While Forms are invisible to the eye, our souls have participated in the eternal world of Forms prior to our incarnation in a physical body and retain a memory of them. Although this memory is not readily accessible to the conscious mind, its presence can be discovered through a special methodology of dialectic and analysis of perception. Plato maintains that the philosopher can achieve the capability of perceiving the Forms directly, with his "mind's eye," by:
"This, then which gives to the objects of knowledge their truth and to him who knows them his power of knowing, is the Form or essential nature of Goodness. It is the cause of knowledge and truth; and so, while you may think of it as an object of knowledge, you will do well to regard it as something beyond truth and knowledge and precious as these both are, of still higher worth. . . . So with the objects of knowledge: these derive from the Good not only their power of being known, but their very being and reality; and Goodness is not the same thing as being, but even beyond being, surpassing it in dignity and power."
Plato viewed the unchanging world of Forms as constituting a system of eternal principles emanating from Absolute Good which the present world merely shadows. Hence, Plato's Commonwealth, his discussion of the Idea of Justice, delineates the need for a commonwealth to be lead by Philosopher-Kings who through their education are prepared "to know the Good through rational insight and embody its ideals by ruling directly over the social order."
To assist in understanding the complex nature of Forms, we'll examine three explanations outside Plato's writings:
VII:7 "All the worlds have their rest in me, as many pearls strung on a string."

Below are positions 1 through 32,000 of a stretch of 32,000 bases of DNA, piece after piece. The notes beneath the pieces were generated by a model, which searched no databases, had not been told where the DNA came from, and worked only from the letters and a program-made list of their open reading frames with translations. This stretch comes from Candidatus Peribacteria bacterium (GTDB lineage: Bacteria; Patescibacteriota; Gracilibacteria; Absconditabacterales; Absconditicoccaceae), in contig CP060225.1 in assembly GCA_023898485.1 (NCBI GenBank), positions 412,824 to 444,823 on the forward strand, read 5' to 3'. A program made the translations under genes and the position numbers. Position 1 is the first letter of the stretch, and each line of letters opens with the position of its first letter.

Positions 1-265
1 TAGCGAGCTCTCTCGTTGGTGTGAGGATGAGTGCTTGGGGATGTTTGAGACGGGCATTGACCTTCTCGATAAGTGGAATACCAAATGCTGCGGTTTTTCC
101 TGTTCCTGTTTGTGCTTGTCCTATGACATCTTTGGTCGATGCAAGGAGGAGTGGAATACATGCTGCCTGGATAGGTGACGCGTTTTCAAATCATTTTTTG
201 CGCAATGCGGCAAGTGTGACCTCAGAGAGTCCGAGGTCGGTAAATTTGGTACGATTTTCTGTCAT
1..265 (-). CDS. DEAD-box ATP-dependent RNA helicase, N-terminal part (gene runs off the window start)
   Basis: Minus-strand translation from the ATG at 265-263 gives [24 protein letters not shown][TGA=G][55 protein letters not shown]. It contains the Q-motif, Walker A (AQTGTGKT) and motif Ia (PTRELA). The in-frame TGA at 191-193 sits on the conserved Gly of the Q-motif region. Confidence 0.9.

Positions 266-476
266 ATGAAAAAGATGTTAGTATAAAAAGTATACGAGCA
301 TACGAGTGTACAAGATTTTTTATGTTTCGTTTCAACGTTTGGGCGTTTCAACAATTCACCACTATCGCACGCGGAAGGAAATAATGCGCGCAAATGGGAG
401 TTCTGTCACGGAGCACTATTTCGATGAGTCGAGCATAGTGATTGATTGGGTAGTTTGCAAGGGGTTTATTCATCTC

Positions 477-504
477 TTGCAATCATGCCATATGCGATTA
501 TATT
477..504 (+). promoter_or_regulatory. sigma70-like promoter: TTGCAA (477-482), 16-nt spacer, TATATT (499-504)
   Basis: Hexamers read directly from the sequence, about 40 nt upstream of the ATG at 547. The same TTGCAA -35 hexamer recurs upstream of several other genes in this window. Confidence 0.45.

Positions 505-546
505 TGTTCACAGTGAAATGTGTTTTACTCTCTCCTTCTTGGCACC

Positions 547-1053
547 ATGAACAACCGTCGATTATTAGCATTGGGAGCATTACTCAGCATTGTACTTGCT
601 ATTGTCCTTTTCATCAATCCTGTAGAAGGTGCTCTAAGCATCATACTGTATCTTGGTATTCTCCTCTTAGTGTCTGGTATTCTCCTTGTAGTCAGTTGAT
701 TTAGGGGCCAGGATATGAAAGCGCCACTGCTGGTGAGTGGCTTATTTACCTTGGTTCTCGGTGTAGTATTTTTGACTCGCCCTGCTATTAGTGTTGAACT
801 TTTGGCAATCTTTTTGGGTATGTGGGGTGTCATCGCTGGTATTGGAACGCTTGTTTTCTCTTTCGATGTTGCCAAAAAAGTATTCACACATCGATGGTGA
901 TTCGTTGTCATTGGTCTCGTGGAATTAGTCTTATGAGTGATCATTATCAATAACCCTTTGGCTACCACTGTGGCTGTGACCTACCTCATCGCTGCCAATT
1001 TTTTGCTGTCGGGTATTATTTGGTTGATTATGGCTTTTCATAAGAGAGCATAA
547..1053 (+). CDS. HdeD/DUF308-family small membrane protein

"The simile is one of faith, but not of blind faith. One of the points is, that the string is invisible, being hidden by the pearls strung on it. But a second point is that the string is known to be there; otherwise the pearls would not remain in order but would be scattered. In the same way the order of the world shows that there is an underlying intelligence which holds it together, which integrates it."
Trevor Leggett, Realization of the Supreme Self: The Bhagavad Gita Yoga-s
VII:10 "And I am from everlasting the seed of eternal life. I am the intelligence of the intelligent. I am the beauty of the beautiful."
Here the Form, manifesting as Krishna, is the Godhead speaking. How marvelous is the thought that the Divine Form IS the beauty that we see in many different beautiful entities: people, nature, deeds, and ideas. He is that Higher Element of intelligence which we see shimmering in intelligent people, intelligent interchange, and intelligent behavior. The Higher Essence of all particular beautiful things is Beauty.
"Now, no one can deny that something exists which is a kind of fountain of all goodness; for everything which is found to be imperfect shows its imperfection by the lack of some perfection. It follows that if something is found to be imperfect in its kind, there must necessarily be something of that same kind which is perfect. For without a standard of perfection we cannot judge anything to be imperfect."